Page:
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The sites which were fractured on CT scans and identified on USG with 100% accuracy were frontal bone, lateral wall of the orbit, anterior wall of maxillary sinus, roof of the orbit, zygomatic arch, zygomatic bone, nasal bone, symphysis/parasymphysis, and angle of mandible, respectively [Figure 2]. In this study, the sensitivity and specificity for all these sites were 100%.
Figure 2: (a) Nasal bone fracture – CT Axial. (b) Nasal bone fracture – USG. CT: Computed tomography, USG: Ultrasonography

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In this study, it was found that nine out of 14 sites taken up for the ultrasound examination were able to identify all the fractures with 100% accuracy which were verified with CT scans. Only in the cases of condylar/subcondylar region, floor of the orbit, medial wall of the orbit, and body and ramus of mandible all the fractures were not seen with the help of ultrasound. The visualization of the posterior wall of maxillary sinus was not possible with the help of linear probe in cases of midface fractures. However, fracture of the anterior wall of the maxillary sinus was easily identified using a convex probe with low resolution (2-5 MHz).

Fractures of the floor of the orbit were identified in 10 of 12 cases, respectively [Figure 3]. The sensitivity and specificity of the same were 83.33% and 100%, respectively. Fractures of the medial wall of the orbit were seen in five of seven cases. The sensitivity and specificity were 71.43% and 100%, respectively. There was no false-positive case reported. The remaining fractures could not be identified due to the poor sound wave penetration in cases of orbital fractures. Subcutaneous edema and hematoma were used as a guide to spot the fracture location.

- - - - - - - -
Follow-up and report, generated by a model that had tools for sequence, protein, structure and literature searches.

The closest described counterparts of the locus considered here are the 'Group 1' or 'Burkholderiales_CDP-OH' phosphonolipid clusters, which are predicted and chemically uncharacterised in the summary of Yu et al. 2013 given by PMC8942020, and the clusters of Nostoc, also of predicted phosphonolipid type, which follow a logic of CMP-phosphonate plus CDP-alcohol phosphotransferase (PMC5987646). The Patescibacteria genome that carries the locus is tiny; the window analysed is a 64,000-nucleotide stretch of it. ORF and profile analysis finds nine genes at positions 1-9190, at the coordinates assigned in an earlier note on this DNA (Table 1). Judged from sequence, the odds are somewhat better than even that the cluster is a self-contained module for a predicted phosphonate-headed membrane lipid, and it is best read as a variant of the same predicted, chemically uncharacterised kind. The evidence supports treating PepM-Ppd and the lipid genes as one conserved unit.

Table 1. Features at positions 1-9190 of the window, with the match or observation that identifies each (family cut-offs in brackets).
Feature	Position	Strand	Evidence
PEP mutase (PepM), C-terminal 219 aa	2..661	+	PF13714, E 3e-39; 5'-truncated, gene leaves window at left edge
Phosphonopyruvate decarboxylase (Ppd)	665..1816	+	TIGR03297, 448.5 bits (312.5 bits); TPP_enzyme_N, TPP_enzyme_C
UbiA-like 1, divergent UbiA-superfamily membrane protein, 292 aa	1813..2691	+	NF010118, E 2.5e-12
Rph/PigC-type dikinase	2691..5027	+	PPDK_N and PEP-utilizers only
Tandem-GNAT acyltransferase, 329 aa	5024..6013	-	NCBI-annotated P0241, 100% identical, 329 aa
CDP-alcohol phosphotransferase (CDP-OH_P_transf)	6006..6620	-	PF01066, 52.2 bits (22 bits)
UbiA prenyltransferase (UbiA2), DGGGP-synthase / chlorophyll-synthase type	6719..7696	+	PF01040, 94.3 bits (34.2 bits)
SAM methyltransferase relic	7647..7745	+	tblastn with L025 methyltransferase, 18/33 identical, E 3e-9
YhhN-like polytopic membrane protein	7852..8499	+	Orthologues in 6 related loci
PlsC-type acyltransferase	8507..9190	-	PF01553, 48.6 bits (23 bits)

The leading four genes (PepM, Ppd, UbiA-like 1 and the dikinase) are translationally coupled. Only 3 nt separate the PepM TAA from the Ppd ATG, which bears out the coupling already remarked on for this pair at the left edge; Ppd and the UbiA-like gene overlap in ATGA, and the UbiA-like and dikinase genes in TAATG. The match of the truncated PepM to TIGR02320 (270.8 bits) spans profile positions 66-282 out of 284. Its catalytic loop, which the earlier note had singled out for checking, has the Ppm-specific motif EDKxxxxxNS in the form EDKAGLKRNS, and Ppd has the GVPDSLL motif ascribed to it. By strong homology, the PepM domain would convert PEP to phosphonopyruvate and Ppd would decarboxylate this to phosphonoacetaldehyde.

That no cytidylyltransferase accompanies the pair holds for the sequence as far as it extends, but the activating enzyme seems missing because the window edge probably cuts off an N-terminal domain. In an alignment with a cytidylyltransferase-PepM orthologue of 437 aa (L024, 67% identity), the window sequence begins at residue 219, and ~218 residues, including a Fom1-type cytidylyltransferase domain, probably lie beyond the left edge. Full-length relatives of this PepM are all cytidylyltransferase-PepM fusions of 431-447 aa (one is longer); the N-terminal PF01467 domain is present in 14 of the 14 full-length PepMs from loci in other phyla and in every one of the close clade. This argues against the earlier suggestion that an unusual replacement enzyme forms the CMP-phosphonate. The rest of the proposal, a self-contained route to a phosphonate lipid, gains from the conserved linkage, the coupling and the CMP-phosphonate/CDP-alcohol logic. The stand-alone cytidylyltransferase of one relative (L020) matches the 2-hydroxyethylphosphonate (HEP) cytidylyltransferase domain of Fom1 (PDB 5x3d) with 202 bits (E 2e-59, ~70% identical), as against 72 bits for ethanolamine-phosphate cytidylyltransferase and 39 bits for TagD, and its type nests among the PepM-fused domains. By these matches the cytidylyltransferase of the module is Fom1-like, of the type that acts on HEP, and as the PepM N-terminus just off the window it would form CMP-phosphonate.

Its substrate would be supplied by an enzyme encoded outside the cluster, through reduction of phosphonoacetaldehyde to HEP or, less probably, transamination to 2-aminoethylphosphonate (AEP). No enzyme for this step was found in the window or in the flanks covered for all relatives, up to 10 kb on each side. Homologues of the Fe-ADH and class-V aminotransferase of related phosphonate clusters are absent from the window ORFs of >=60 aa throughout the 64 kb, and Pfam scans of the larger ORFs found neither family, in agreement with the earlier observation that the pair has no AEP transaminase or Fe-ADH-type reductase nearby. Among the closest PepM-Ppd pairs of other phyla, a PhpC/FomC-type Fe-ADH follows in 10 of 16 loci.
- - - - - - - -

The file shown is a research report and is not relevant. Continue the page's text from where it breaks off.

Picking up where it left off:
Figure 3: (a) Orbital floor fracture-3D. (b) Orbital floor fracture – USG. USG: Ultrasonography. 3D: Three-dimensional

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The fractures in case of the body of the mandible were identified in two of three cases with sensitivity and specificity were 66.67% and 100%, respectively. The ramus of mandible showed fracture in one of two cases with 50% sensitivity. Each fracture of the ramus and body of mandible were undisplaced fractures of mono-cortex which was diagnosed on CT scan and was not identified on USG. The fracture of the condyle/subcondyle region was identified in one of four cases which gave sensitivity and specificity of 33.33% and 100%, respectively. The negative predictive value of 93.55% indicated that three of four cases were false negative [Figure 4].
Figure 4: (a) Left condylar neck fracture-3D. (b) Left condylar neck fracture – USG. USG: Ultrasonography. 3D: Three-dimensional

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  Discussion Top


USG is a diagnostic technique that is noninvasive and does not contain ionizing radiation. It is a quick and painless technique and has no known harmful effect on the body. When it was applied to head-and-neck medicine, it was limited to the imagery of superficial structures of the head and neck and was considered to have a limited role in bone lesions.[4] On the other hand, CT was introduced in the 1970s and it has become an important tool in medical imaging to supplement X-rays and USG.

Many literature studies have already identified the possibility of ultrasonographic fracture visualization in the maxillofacial region.[5] USG has its own set of advantages when compared to CT scans such as no exposure to radiation, painless technique and inexpensive. and easy availability, patient cooperation required is less and there is no requirement of patient positioning.[4] Second, USG is portable which makes it available intraoperatively to check the reduction of the fracture in cases of isolated zygomatic arch fractures and nasal bone fractures. However, ultrasound cannot penetrate deeper bony structures, and thus its use is only restricted to superficial facial landmarks.[3]